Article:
In the new study, researchers analyzed the subgroup of trial participants who were Japanese. Fabry disease is estimated to occur in about one out of every 7,000 births in Japan, whereas the global incidence is estimated at one in 100,000.

Of the 57 trial participants included in the initial analysis, seven were Japanese. The researchers noted that “The shortage of agalsidase beta in Japan between 2009 and 2012 made it difficult to find patients who met the enrollment criteria [being on ERT for at least a year].”

Of the seven Japanese participants, five (three male, two female) were assigned randomly to treatment with Galafold. All of these completed ATTRACT and enrolled in the open-label extension; four currently remain in the extension, while one withdrew due to kidney health concerns.

The other two Japanese participants (both female) received ERT treatment. One was found to have a non-amenable mutation after the first 18 months of the study, so the patient discontinued treatment and was not included in the analysis. The other completed the study, but did not enroll in the open-label extension due to heart problems.

The findings in the Japanese subpopulation were not remarkably different from those found in the group as a whole. For instance, the yearly rate of change in one measurement of glomerular filtration rate (an indicator of kidney function) was −0.4 mL/min/1.73 m2 on average in the Galafold group in the overall population. This value was of −1.8 mL/min/1.73 m2 in the respective Japanese subpopulation. Statistical comparison revealed these values to be within a normal range based on the group overall.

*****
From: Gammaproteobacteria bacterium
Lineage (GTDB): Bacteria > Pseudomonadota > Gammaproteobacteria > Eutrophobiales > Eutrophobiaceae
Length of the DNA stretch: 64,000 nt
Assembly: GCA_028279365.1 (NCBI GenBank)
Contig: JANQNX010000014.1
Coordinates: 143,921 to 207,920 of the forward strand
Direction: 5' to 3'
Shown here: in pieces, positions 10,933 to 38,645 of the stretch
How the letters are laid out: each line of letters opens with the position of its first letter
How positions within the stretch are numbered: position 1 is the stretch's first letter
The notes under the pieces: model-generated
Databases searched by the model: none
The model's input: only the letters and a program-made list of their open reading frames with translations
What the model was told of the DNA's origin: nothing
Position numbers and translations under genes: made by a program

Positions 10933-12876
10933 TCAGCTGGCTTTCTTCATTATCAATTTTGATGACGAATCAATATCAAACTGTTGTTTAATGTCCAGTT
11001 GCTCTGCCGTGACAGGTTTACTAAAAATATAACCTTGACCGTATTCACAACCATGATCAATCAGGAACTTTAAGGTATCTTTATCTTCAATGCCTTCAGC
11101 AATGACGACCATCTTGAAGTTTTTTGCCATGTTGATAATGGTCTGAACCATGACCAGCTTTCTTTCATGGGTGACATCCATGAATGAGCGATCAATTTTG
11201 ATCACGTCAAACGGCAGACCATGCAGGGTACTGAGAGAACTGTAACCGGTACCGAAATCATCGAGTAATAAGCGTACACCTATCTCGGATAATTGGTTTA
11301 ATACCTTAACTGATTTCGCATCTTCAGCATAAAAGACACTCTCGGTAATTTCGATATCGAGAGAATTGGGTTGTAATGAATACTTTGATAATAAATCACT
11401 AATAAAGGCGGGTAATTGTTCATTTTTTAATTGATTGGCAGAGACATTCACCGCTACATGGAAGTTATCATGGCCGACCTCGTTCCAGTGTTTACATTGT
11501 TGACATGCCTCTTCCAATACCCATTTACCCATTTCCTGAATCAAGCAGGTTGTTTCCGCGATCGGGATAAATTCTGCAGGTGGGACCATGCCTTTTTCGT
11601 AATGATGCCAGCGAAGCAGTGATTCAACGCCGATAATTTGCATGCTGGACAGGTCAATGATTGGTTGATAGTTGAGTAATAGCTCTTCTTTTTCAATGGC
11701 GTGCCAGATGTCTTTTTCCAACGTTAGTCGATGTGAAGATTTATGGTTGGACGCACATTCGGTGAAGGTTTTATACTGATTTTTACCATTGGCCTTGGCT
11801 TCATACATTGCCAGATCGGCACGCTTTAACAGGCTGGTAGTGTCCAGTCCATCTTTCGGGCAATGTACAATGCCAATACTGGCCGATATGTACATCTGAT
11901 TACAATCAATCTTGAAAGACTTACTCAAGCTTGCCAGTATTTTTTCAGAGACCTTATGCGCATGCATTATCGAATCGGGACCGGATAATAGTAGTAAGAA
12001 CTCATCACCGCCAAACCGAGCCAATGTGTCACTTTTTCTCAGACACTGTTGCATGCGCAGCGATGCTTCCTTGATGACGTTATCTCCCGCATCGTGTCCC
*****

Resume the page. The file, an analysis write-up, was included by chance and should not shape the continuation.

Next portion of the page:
Similarly, average left ventricular mass index (a measure of heart size) decreased by an average of 6.6 g/m in the overall Galafold-treated population and by 13.8 g/m2 in the Japanese subpopulation.

There also was evidence for similar effects on Gal A itself and on reducing substrate accumulation.

Additionally, no new safety concerns were raised in this subgroup analysis. Although all five Galafold-treated participants experienced at least one adverse event (side effect), all were described as mild or moderate, with the most common being colds.

“[I]t is meaningful that this subanalysis of Japanese patients showed that the efficacy of migalastat was not affected by race; there were also no unexpected safety concerns,” the researchers wrote.